“Mephisto,” directed by István Szabó, is a frightening tale about political opportunism. Hoefgen, despite playing the role of Mephisto, just like Faust in Goethe’s play, sells his soul to the devil in order to become somebody in a world of nobodies. It is also a insightful sociologic portrayal of the bond between art and politics, and how the propaganda machine worked in the times of Nazi Germany.
Klaus Maria Brandauer had the role of a lifetime as the unprincipled Hoefgen. He electrifies the viewers every time he appears on the screen, and it’s morbidly fascinating to watch his character progressively get worse while fading into moral oblivion.
1. Dr. Strangelove
Stanley Kubrick’s filmmaking talent has no limits. He made real masterpieces in various genres such as noir, war film, horror, science fiction, period drama, not to mention his political comedy film “Dr. Strangelove,” an adaptation of a “Red Alert” by Peter George.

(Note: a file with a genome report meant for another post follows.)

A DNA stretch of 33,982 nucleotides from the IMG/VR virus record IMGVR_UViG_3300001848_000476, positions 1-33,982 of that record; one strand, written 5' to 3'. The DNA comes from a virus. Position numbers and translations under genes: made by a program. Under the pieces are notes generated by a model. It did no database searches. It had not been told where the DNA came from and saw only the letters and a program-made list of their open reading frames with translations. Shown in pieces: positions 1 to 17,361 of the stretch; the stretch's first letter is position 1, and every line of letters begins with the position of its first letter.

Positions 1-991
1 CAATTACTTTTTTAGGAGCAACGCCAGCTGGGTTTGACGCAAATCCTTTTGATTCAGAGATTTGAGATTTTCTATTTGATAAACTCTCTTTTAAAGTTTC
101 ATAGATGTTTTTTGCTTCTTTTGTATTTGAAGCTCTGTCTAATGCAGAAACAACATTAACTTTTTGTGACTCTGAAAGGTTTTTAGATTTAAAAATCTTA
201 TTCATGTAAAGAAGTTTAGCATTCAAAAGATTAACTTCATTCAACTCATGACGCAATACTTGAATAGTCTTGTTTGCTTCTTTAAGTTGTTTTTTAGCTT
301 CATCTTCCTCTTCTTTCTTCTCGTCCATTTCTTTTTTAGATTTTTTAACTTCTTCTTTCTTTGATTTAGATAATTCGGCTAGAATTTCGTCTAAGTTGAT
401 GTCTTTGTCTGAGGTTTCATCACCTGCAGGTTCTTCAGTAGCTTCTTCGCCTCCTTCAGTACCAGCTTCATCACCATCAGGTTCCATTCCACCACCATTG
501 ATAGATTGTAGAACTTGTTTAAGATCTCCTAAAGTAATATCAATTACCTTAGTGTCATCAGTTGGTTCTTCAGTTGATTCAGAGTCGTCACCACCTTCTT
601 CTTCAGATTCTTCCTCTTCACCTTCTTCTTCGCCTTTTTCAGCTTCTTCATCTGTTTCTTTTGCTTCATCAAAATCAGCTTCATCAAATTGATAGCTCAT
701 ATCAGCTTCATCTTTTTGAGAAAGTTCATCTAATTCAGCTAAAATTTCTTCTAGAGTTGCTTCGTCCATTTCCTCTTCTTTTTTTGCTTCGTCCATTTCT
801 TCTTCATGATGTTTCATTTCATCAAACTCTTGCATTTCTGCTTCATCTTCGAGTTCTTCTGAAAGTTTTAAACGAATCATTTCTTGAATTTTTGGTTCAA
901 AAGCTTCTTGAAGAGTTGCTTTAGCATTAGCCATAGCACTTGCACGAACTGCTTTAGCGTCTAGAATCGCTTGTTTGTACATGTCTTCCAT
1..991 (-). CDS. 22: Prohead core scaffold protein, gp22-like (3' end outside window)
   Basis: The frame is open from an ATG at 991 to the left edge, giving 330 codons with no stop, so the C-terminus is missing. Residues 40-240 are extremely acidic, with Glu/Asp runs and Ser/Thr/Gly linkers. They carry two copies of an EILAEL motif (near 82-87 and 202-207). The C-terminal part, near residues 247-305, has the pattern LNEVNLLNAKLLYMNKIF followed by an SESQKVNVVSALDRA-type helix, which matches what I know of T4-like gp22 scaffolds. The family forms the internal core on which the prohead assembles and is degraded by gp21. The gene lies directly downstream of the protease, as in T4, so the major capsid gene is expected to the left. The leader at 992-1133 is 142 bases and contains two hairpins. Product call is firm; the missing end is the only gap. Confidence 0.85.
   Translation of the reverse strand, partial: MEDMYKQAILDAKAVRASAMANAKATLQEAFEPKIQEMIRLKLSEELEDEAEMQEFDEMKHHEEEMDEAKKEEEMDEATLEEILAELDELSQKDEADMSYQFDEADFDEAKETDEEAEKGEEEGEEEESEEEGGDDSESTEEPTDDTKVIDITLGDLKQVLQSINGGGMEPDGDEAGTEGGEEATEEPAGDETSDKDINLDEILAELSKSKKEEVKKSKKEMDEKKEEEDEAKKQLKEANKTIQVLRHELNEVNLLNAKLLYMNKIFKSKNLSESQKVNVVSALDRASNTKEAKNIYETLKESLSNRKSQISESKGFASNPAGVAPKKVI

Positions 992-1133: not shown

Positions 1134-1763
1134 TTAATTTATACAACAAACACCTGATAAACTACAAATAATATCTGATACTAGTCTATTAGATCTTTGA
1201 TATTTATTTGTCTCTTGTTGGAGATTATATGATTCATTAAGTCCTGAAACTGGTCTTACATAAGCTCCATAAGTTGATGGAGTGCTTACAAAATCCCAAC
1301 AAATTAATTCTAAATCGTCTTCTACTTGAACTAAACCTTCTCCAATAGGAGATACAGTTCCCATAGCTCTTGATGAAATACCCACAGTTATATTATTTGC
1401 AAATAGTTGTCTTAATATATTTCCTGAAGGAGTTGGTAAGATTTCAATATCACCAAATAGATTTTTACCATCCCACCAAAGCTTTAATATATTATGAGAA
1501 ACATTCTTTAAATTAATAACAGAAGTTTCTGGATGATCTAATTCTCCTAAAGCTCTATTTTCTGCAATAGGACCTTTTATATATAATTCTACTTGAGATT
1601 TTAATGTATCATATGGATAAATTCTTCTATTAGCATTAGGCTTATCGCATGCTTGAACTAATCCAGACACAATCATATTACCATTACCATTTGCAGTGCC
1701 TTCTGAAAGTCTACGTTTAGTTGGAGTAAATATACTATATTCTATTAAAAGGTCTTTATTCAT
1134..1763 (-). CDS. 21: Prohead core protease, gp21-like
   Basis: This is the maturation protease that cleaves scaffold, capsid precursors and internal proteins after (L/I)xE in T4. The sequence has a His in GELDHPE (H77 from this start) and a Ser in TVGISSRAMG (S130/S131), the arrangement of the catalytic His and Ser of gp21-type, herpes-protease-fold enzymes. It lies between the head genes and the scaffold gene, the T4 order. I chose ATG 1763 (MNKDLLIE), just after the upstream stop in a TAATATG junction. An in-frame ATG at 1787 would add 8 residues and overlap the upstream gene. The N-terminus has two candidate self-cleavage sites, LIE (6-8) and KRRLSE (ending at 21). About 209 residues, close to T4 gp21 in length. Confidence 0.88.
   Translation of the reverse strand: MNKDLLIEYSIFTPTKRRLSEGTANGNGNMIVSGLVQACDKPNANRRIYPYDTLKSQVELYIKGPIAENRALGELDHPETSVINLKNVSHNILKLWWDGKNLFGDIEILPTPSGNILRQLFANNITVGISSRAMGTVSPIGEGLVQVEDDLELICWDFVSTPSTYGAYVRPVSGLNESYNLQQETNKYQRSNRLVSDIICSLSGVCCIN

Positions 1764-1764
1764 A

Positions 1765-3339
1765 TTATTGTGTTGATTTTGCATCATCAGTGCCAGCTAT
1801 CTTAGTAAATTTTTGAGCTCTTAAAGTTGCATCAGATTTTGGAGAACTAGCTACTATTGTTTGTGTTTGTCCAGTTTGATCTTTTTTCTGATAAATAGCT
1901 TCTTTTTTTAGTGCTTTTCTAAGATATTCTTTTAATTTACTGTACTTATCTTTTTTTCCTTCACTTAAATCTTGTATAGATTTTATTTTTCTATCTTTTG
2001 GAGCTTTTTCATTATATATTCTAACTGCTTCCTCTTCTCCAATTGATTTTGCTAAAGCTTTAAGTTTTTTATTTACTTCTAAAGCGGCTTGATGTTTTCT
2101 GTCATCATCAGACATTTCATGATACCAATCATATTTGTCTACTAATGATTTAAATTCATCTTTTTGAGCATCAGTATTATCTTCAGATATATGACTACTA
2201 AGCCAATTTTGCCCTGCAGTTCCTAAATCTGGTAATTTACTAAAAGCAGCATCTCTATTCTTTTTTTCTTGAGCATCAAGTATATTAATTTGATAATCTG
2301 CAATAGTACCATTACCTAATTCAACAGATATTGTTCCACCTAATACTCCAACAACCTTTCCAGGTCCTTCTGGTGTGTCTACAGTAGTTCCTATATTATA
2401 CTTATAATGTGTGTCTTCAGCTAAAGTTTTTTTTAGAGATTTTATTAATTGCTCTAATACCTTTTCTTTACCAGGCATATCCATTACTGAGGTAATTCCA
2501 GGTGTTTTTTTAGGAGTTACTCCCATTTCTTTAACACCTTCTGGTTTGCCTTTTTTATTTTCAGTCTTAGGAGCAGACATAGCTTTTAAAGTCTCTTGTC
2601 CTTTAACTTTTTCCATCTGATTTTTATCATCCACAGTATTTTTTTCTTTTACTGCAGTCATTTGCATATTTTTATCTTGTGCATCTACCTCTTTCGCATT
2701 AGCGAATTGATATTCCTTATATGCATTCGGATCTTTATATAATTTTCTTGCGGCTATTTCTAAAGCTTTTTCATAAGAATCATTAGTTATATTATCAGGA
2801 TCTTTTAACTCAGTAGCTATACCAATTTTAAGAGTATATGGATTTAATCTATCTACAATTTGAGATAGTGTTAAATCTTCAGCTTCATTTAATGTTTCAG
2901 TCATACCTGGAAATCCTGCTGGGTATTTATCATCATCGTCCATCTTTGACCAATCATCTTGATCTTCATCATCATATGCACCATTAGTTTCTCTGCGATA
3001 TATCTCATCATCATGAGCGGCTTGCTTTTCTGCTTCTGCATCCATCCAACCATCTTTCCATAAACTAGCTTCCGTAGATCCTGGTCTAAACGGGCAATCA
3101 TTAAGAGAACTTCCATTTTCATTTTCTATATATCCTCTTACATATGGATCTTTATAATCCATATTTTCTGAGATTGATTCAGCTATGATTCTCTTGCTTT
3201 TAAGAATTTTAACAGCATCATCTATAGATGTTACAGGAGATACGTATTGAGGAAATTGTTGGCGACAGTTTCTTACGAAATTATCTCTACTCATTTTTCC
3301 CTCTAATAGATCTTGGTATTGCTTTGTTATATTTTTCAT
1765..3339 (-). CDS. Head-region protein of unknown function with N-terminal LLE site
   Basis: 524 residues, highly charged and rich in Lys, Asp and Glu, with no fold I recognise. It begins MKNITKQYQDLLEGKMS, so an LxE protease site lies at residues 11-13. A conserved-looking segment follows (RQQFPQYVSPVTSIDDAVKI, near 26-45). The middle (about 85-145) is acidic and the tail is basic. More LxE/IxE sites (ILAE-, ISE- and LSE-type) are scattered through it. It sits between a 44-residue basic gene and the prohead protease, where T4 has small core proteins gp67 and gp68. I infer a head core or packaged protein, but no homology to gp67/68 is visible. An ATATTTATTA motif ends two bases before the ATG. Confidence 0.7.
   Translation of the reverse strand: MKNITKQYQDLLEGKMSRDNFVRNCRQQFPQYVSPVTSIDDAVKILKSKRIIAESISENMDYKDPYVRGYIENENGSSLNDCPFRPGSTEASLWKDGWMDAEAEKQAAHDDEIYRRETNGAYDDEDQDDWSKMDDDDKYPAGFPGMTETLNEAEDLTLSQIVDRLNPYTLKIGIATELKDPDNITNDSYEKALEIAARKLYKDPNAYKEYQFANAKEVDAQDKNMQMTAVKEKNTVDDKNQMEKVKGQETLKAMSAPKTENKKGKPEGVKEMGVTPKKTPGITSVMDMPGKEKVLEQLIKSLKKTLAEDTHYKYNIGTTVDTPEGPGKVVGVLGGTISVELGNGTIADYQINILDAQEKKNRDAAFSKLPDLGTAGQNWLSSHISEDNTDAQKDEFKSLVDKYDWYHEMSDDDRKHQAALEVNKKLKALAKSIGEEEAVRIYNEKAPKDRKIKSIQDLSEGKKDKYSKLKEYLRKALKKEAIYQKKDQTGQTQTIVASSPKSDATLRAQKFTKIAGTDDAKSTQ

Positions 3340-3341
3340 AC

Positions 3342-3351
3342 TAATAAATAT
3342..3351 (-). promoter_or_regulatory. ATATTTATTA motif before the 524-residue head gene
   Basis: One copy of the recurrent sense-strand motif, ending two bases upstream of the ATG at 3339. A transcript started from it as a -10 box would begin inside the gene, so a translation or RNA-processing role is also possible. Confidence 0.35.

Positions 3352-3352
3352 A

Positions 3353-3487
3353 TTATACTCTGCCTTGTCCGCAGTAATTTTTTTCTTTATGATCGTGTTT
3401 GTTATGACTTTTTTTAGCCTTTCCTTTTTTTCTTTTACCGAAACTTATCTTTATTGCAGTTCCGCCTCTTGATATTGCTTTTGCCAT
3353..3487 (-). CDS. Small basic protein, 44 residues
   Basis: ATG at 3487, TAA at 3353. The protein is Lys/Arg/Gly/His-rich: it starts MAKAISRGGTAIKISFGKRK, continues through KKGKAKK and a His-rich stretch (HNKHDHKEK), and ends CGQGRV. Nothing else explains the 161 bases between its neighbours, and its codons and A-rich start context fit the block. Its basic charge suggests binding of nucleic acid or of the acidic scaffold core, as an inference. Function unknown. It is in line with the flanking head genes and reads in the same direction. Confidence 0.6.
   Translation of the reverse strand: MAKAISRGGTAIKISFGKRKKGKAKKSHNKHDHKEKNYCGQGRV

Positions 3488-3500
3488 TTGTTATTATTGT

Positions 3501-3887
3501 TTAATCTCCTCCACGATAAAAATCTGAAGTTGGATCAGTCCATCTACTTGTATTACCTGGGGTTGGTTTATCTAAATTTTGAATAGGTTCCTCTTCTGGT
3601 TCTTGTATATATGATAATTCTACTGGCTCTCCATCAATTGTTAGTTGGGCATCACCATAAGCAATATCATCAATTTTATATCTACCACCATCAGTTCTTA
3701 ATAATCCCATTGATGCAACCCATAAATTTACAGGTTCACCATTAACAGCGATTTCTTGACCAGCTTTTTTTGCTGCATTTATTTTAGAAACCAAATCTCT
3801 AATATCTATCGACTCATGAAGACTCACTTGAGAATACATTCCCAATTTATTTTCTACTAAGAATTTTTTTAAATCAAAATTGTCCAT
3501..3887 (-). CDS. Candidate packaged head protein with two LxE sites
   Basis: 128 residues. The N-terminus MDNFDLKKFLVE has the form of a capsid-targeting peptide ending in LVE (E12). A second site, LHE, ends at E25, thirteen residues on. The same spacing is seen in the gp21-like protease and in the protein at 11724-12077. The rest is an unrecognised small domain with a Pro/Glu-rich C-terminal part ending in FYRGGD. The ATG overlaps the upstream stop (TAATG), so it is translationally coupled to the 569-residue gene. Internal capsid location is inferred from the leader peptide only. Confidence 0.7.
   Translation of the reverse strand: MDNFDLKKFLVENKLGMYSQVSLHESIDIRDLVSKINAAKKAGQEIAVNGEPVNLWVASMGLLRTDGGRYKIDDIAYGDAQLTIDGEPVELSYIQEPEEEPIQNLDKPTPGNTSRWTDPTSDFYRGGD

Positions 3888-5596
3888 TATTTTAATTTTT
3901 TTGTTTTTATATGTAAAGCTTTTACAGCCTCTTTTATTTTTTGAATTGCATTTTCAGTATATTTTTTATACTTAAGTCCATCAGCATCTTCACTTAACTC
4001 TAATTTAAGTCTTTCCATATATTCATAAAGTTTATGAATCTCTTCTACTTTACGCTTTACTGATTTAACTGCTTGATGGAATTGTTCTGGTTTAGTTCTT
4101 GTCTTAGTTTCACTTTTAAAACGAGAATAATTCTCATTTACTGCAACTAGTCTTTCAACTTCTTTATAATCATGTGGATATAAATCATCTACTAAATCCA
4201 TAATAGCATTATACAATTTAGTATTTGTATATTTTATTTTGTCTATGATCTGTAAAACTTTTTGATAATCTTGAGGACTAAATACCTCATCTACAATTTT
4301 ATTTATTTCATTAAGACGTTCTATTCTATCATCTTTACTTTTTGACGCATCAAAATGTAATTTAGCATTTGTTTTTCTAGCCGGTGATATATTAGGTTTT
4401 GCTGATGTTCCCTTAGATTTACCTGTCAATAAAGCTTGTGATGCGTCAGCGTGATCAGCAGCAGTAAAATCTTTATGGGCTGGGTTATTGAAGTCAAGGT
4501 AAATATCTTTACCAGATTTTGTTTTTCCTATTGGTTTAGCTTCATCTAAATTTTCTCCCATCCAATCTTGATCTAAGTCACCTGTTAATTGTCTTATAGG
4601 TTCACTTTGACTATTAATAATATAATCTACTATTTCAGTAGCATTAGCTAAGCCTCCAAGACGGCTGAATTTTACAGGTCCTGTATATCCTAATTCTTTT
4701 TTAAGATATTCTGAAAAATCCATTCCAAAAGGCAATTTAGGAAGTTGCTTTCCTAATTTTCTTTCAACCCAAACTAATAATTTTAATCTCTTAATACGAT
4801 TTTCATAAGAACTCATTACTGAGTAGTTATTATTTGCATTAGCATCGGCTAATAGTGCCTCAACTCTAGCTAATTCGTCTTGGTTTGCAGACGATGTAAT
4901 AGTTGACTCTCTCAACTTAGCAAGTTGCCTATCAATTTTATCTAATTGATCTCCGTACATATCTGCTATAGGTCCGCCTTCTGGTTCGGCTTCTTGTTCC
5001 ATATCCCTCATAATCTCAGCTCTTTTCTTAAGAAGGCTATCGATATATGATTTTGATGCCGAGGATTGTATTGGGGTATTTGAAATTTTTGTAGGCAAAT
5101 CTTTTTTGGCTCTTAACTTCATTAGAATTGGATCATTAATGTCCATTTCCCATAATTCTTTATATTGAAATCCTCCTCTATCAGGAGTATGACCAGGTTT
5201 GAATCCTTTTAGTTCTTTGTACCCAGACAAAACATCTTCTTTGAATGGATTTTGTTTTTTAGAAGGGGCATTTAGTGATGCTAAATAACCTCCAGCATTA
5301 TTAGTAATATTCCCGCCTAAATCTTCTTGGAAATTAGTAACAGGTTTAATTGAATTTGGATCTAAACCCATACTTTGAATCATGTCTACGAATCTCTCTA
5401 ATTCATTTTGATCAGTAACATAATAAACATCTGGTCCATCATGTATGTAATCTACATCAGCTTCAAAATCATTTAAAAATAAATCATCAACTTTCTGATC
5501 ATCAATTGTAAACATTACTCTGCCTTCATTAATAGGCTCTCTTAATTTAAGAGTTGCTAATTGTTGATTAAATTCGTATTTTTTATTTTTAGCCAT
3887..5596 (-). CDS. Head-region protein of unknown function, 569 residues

The demented and paranoid American General Ripper (Sterling Hayden), without any order given from his superiors, sends a B-52 bomber armed with an atomic warhead to destroy military bases in Russia. To prevent World War III, U.S. President Muffley (Peter Sellers) convenes a meeting with his advisors and generals at the Pentagon. The situation gets even more complicated when the truth about a Russian “doomsday device” is revealed – a computer system that will release all the nuclear missiles in the time of attack, destroying life on Earth in the process…
“Dr. Strangelove” is a movie that is equally funny satirical comedy and nerve-wracking political thriller, set in time of the Cold War – a specific time in history when humanity was never closer to nuclear annihilation.
The film is also a display of Peter Sellers’ comedy talent, who acts as three characters: President Muffley, RAF Captain Mandrake, and the eponymous Dr. Strangelove – a wheelchair-bound ex-Nazi scientist who is one of the president’s advisors.
The most bizarre sequence in “Dr. Strangelove,” where Major Kong (Slim Pickens) is riding a falling nuclear warhead like a rodeo star, became an important part of pop culture.
Author Bio: Antoni Urbanowicz is a Film studies graduate, defending a thesis about exploitation movies. He is a dedicated cinephile, avid reader and 80’s pop culture enthusiast. His taste of cinema ranges from Z-class trash to world-class masterpieces.